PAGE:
Murdered Aboriginal women remembered at vigil

Murdered Aboriginal women remembered at vigil
(Above) People light candles honouring missing murdered women, known and unknown, during the Sisters in Spirit vigil held last Tuesday night in downtown Fort Smith. Photo by Paul Bannister.

Murdered and missing Aboriginal women were honoured by a small group of mostly women in a sombre candlelit vigil in Fort Smith last Tuesday evening.

Those present lit paper lanterns that were arranged in a wide circle around a giant painting of the “grandmother moon” – the official logo for the nation-wide Sisters in Spirit campaign that holds vigils on October 4 each year across the country.

The event aims to raise public awareness around the issue, which sees lost native women often fall into anonymity.

“There’s so much violence experienced by Aboriginal women and girls in Canada,” said Ruth Rolfe, director of Fort Smith’s women shelter, Sutherland House, which organized the gathering.

“This is a once-a-year thing to bring them to the forefront and honour the women and girls who are missing and murdered.”

The Sisters in Spirit organization holds 582 missing Aboriginal women within its database, as of March 31, 2010. Twelve of those women are from the Northwest Territories.

Fort Smith children painted their anti-violence messages at Aboriginal story-telling night at the Northern Life Museum.

Photo: Paul Bannister

Fort Smith children painted their anti-violence messages at Aboriginal story-telling night at the Northern Life Museum.

Rolfe noted that one of the biggest underlying issues to the missing women problem in Canada is, according to the Native Women’s Association, lack of willingness on the part of police to investigate disappearances and crimes against native women.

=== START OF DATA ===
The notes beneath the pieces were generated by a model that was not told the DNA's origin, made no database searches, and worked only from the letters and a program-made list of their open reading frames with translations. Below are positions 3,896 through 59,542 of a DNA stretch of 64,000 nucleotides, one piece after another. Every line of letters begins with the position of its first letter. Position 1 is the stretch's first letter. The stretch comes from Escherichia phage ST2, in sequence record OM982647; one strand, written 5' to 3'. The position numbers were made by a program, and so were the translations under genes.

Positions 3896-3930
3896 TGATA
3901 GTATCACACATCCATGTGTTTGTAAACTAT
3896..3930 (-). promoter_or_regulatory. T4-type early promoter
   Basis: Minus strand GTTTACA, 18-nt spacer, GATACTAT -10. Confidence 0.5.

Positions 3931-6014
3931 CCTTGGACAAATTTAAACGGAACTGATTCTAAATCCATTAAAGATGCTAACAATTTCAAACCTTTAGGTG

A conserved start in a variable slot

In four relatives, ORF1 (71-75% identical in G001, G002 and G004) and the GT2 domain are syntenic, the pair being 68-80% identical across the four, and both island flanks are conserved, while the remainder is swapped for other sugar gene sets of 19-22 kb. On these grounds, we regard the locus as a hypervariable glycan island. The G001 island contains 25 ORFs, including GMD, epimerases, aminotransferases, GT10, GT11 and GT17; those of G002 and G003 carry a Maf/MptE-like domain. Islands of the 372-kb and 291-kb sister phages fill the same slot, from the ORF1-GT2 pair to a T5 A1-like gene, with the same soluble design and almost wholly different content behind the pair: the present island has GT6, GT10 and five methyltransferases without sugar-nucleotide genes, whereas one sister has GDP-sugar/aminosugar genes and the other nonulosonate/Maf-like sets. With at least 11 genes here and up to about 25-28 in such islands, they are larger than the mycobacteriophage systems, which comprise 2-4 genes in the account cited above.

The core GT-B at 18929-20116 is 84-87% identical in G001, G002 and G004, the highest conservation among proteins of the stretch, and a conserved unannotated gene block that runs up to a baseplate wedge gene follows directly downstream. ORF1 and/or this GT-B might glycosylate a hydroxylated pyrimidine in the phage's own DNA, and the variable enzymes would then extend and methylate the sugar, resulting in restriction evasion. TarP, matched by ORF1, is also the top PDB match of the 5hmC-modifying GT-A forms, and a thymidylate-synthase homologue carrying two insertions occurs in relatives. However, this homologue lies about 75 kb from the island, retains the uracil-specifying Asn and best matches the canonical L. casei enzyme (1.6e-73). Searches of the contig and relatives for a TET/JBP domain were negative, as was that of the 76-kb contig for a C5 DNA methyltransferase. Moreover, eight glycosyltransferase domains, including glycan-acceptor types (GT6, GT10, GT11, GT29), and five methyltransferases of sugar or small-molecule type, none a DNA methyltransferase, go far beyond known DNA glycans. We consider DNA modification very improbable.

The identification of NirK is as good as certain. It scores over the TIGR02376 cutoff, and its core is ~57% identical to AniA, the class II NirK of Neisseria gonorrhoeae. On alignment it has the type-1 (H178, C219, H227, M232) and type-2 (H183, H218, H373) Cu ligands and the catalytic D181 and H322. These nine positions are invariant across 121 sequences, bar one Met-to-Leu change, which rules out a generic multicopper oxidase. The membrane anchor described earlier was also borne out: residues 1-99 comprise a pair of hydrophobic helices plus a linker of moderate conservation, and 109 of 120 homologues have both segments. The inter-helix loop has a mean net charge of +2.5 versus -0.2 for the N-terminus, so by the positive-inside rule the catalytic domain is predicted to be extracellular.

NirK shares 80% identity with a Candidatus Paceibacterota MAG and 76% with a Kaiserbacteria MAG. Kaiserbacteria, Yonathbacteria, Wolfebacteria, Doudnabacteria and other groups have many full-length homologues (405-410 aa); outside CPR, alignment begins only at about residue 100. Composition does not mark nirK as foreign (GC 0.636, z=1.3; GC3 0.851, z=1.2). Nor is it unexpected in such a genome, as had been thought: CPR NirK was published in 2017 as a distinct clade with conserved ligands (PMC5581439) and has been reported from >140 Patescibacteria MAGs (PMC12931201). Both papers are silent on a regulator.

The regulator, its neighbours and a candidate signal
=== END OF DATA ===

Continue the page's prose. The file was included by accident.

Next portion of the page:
“We met with the RCMP this year and thought it would be really good to enhance the Sisters in Spirit vigil with RCMP presence,” she said. “It’s important for the community to recognize the RCMP is party to missing women.”

This year Constable Andrea Barrett was present in her full Mountie regalia to offer support and light a candle.

“This year by having an inter-agency approach, the RCMP are here and willing to let people know that it’s important to them,” said Rolfe.

The event was held in conjunction with other activities marking Family Violence Awareness Week, from September 30 to October 7. This year’s theme was “Calling All Men to Stand With Us! Stop Family Violence.”

The week started off with a luncheon with the Fort Smith Seniors’ Society to talk about elder abuse. On Monday evening, RCMP and Corrections staff offered a women’s and teen’s self defense class at the Recreation and Community Centre. Thursday featured a community drumming circle at the Wellness Centre and on Friday night, Aboriginal storytellers shared their knowledge at the Northern Life Museum and Cultural Centre.

Students from JBT Elementary School participated in a poster contest following presentations by Healthy Families and staff from Health and Social Services on the issue of bullying. Their posters are now on display at the museum.

“What we’re trying to do is develop community partnerships to stop violence against women and children,” said Rolfe, noting all the collaborations made during the week. “We believe all sectors of society share the responsibility of ending violence.”

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